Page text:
MONEY is the buzzword these days. People who have it in truck-loads are hankering for more; those that do not, spend the better part of their day cribbing about it; the ones out of either category while away their time wondering whether they are coming or going. Be that as it may, it is money that remains the centre of everybody’s universe! The money game is fast taking the place of the rat race. Money cannot buy happiness, goes the well-worn cliché. The fact remains, though, that most people continue to believe that money does buy a hell of a lot of things that, in the troubled world of today, help keep sadness at bay. The aforementioned may not make a lot of sense to the uninitiated, but, then, how many things in our ken do (make sense, that is)? Look at it in any way you like, the fact remains that in today’s crazed world whoever underestimates the importance of money does so at his, or her, own peril.
Take one case in recent history, if you will. The ill-starred Saddam Hussein, nabbed long ago by the Americans, reportedly had a bundle of cash to keep him company. What he intended to do with the three-quarters of a million US dollars that the American press claimed he had on his person never became clear! For all one knows, it may well be the mere proximity of hard cash that provides a certain feeling of warmth or sense of security to an individual. Not that it has ever been of any tangible help when it came to the crunch. But human nature being what it is, money has always had and, presumably, will always have a certain allure for humankind.
If any one has any qualms whatever about the good points of money, they should be shed right away considering the way hordes of people in the Land of the Pure, who aught to know better, are hankering after the stuff. How can so many people be wrong? Yet our intellectuals and thinkers insist on clinging to their line of thought that “money is the root of all evil”. Could it be sour grapes, one wonders? There is the moot point, though, whether lots of money can actually add to one’s popularity. One knows that parasites and hangers-on often congregate around moneyed people, but then can these species really be termed as “friends”? Having pots of money, though, does raise a person’s apparent status in society.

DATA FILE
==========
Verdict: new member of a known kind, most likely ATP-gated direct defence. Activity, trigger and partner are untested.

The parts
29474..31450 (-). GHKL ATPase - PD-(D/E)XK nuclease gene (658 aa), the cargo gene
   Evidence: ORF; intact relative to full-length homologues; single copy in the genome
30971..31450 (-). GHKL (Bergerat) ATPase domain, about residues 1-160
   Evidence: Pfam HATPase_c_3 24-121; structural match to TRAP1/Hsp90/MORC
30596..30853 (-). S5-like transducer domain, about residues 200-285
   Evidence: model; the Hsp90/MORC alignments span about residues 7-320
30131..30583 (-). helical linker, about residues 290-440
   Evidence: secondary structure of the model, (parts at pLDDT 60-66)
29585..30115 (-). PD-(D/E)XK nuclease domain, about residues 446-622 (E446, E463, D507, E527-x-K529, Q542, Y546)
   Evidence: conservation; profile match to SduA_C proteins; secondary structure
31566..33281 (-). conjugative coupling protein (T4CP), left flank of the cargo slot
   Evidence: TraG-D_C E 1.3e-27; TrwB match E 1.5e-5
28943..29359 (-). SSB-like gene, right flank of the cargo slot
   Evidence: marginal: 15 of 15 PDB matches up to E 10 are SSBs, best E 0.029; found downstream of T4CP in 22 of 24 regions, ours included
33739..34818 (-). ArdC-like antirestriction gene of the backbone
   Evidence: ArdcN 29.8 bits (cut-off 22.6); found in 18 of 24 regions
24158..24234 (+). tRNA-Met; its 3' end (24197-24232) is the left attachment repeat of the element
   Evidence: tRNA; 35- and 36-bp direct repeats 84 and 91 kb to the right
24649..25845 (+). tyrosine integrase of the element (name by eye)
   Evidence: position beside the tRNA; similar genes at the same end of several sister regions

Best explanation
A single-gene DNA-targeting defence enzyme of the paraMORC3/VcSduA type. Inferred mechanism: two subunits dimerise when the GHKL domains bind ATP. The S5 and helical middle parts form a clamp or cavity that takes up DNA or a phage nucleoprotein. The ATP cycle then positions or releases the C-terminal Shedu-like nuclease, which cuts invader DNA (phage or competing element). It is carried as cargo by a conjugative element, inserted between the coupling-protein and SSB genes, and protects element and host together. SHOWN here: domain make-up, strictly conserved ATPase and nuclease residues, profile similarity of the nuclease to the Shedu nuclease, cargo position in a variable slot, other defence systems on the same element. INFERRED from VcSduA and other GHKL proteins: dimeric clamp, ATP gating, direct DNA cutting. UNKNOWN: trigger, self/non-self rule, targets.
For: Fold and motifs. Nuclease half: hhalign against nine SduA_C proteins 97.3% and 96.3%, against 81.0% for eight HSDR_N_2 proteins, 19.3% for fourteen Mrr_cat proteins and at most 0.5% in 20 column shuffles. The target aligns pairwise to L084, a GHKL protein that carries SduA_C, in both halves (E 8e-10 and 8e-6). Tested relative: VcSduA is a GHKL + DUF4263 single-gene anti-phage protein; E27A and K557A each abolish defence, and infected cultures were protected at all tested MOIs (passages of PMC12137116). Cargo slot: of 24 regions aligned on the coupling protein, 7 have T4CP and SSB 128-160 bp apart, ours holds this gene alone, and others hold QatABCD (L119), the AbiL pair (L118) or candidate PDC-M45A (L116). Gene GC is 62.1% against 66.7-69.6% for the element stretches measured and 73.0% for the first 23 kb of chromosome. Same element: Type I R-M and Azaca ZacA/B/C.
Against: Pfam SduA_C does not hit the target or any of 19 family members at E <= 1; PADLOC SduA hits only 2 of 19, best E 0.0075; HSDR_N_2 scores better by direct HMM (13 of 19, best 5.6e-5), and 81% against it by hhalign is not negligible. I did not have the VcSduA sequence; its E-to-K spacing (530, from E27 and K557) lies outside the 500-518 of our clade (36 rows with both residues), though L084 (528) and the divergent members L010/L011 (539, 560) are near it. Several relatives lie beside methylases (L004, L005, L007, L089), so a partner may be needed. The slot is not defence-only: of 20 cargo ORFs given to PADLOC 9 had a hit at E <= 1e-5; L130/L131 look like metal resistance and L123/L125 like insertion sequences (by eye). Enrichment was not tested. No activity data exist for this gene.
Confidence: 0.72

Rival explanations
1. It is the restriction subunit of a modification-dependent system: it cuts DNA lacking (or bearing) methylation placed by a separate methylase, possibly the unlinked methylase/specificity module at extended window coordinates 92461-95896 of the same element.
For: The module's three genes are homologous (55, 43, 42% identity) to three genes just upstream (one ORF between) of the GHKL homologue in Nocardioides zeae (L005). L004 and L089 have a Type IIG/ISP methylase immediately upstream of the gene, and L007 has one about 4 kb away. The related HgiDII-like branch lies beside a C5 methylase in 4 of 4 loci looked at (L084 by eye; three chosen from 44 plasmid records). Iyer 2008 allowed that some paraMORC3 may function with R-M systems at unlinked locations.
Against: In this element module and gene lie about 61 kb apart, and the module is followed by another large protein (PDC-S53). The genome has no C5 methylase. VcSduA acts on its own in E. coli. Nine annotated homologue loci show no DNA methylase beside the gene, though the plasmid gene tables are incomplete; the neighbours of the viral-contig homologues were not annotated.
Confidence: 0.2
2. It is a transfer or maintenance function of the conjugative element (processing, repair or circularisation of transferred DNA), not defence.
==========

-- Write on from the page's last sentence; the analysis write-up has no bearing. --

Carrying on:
History of the love affair between Man and money would make interesting reading. For one thing, one finds that power and money somehow go hand in hand. Which comes first is the moot point. It is awfully hard to tell though, being somewhat akin to a chicken or egg syndrome. There are people who are born with silver spoons in their mouths, as they say. This class of people goes about taking advantage of their wealth to acquire influence and eventually to capture power. And if in the process the wealth too gets a boost, that is part of the game and is all to the good! Then there are others who take advantage of their power and influence to amass wealth. Either way, the purists would insist, it hardly brings honour to the individuals concerned.
Let us move on to another historical case. Some years ago, the German television had aired a documentary entitled “Hitler’s Money”. This documentary appeared to insinuate that the Fuhrer, in addition to doing what he had set himself to do, actually spent much of his spare time in amassing, what was termed as, a vast fortune. There you have it in a nutshell! Whichever way you look at things, the stench of money creeps in somehow! Thanks to the German television documentary aforementioned, one now knows that even Hitler, of wretched memory, failed to escape the temptation and keep his nose clean!
Be that as it may, the study of the mad quest for fortunes by the history’s high and mighty should make an interesting subject for research. Though a lot of individual treatises on the subject may be at hand, no attempt has apparently been made to study this very arresting phenomenon in its entirety. Why do despots, for instance, feel the urge for stashing away all those dirty millions when they already possess all the power and glory to revel in? Would it be because they suffer from an insecurity complex of sorts? While on this lamentable subject, how about giving a thought or two to the tendency shown by the already rich and powerful to rake in even more by the sack-full? It is a well-known fact, authenticated by recent history, that most of them have not lived long enough to enjoy the loot – or, in some cases, to regret it! And yet, human nature being what it is, humankind continues to tread on the same beaten path, refusing to learn a lesson or two from history. All one can surmise is that money has somehow always exercised a bizarre fascination for humankind. And, as history is witness, that there is no limit to Man’s hankering for more.
If one had the desire to delve a bit deeper into this somewhat sordid affair, one could indulge in a bit of research into the all too obvious linkage between power and the urge to rake in millions. Power begets money and money, in turn, gives rise to the urge to grab power. It is a vicious cycle of sorts. If one looks into recent and not too recent history one cannot help noticing that those who enjoy unlimited power end up by raking it in by the sack full. If one turns it around, those who have tons of the stuff and enough to spare instinctively turn towards grabbing more and more power. Ultimately, it is extremely difficult to pin the whole thing down. As mentioned earlier, it boils down to something of a hen and egg situation. What comes first? On second thought, it would perhaps be preferable not to touch on this somewhat delicate subject, since it is bound to touch a raw nerve or two!
— The writer is a former ambassador and former assistant secretary general of OIC.